Suppose there are many computers connected within a Network.

Let's take 2 examples. Computer A and Computer B, connected within the same network.

Suppose, At the start of the day, say myself as an user using computer B.

I download and upload many things on the internet and my personal details through Ethernet network using computer B.

At the end of the day, can the computer A connected within the same network as computer B, can access the information that I have uploaded/downloaded to/from the internet through the Ethernet network connected as we all are in the same network?

If its not possible, who can monitor or have access to the information that I have uploaded/downloaded to/from internet within the same network?

Is it possible in WiFi network too?

Please help to clarify my doubt in simple terms with less technical jargon, as I am a Newbie.

2 Answers 2


Answer is No in if Both are COMPUTER A & B are LAPTOPS or Personal Devices. In case of Common Assets, there may be possibilities of retrieval of Websites accessed or username used for a specific website kind of stuff (if you have not followed safe browsing).

Also a Network Admin controlling the Firewall can monitor all your activities like websites/ Data transfer size and all.

But if you feel you have uploaded a file and someone connecting his/her LAPTOP/DESKTOP to that specific port can retrieve the file from Network- is not possible at all.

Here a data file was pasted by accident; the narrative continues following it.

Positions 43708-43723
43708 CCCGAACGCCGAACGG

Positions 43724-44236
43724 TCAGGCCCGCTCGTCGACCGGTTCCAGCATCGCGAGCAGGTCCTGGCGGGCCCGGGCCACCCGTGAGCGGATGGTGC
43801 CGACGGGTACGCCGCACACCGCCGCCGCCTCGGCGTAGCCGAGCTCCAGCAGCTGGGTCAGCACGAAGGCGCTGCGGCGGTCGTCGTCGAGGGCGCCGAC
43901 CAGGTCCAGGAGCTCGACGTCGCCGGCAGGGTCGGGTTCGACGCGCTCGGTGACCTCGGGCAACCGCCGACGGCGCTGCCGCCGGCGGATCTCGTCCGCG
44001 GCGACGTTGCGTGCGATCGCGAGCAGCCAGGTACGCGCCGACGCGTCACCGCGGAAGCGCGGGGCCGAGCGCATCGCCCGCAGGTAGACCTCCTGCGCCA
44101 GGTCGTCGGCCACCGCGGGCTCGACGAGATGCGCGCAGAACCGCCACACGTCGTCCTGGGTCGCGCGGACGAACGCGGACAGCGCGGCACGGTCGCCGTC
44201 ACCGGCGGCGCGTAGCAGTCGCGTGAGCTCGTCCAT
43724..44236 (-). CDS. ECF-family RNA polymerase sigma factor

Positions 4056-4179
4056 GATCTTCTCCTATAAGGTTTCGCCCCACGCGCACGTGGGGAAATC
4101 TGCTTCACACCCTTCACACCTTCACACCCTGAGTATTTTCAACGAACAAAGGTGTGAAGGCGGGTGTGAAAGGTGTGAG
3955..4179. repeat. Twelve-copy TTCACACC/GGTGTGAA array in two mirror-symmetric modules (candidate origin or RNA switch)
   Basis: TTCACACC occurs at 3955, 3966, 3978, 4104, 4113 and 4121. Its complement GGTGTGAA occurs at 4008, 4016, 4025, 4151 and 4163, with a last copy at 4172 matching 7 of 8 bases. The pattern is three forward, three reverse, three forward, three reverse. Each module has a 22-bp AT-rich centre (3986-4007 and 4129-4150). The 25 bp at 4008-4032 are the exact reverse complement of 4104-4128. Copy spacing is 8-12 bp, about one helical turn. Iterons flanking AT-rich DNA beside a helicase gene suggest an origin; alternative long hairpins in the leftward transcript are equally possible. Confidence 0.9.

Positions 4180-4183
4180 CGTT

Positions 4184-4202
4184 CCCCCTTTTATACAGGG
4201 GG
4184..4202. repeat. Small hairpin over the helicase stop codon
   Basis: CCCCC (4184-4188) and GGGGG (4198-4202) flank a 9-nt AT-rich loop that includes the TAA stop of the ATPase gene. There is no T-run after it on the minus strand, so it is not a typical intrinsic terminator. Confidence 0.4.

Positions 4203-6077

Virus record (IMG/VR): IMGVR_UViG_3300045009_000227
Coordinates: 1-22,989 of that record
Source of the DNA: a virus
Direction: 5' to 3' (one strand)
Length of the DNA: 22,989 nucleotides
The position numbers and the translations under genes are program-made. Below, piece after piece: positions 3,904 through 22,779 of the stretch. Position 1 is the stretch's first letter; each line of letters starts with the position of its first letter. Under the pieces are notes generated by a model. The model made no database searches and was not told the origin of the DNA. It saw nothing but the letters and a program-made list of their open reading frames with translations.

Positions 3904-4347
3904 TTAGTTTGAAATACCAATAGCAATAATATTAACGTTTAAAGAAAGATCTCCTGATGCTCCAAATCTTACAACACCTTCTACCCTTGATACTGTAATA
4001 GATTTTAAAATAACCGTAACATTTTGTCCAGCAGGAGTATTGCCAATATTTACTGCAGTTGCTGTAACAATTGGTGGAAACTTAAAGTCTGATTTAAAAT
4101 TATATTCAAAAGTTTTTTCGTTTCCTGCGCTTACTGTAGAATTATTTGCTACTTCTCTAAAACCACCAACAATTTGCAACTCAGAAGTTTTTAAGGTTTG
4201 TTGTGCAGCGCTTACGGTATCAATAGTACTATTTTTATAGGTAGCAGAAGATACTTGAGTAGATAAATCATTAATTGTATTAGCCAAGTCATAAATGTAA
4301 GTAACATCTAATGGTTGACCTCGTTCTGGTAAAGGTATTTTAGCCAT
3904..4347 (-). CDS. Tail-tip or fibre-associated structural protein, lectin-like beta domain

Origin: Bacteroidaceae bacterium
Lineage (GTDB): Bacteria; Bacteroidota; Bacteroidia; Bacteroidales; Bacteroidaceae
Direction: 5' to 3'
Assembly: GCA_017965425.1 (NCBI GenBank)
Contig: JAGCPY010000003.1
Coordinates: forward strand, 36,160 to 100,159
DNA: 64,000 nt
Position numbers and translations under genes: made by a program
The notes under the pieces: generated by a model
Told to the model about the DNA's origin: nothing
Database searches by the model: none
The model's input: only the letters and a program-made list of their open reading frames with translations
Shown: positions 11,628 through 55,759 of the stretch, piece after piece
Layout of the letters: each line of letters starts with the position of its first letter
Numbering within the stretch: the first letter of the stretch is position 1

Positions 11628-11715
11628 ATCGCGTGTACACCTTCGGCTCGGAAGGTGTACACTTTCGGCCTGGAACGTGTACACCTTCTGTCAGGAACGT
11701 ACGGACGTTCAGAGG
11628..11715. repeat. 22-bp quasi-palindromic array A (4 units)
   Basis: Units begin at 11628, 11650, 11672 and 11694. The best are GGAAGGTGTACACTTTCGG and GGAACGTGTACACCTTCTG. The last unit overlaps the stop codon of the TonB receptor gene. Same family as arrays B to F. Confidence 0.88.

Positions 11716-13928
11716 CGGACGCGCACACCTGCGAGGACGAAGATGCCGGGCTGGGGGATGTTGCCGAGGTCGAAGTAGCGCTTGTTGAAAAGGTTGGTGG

Hope, This is Helpful!!!!!!!

  • So, they can't see the files and the contents that I have downloaded or uploaded. But they can only find the size of those files, right?
    – Newbie
    May 16, 2020 at 9:34

No, not normally.

  1. Information about past connections isn't stored in a network. If you don't monitor it in real time, the information isn't accessible any more. Of course, information about anything can be logged on a device in a network - e.g. on a firewall or a syslog server.
  2. A modern network is switched, so computer A only sees broadcasts sent from anyone or traffic addressed to A. Using obsolete repeater hubs or a wireless network, all traffic is visible to all nodes, which would enable logging of traffic on the frame level (data link layer).
  3. Most actual Internet traffic today is encrypted above the transport layer. If you had access to the frame level you could see the IP packet level (network layer), and the transport-layer headers, but only unencrypted application data. You could see e.g. DNS requests and the connections (who's talking to whom) but the actual data that is transmitted would be encrypted and unintelligible.

The frame or packet levels are always visible on devices that forward those units, most prominently a (core) switch, a router, or a firewall.

For close monitoring, encryption is a serious problem, so many firewalls include features to break the encryption for analysis (SSL deep inspection using a man-in-the-middle technique) to be able to log/filter HTTPS URLs, scan the data for malware or bot traffic, implement data leak prevention (DLP), ...

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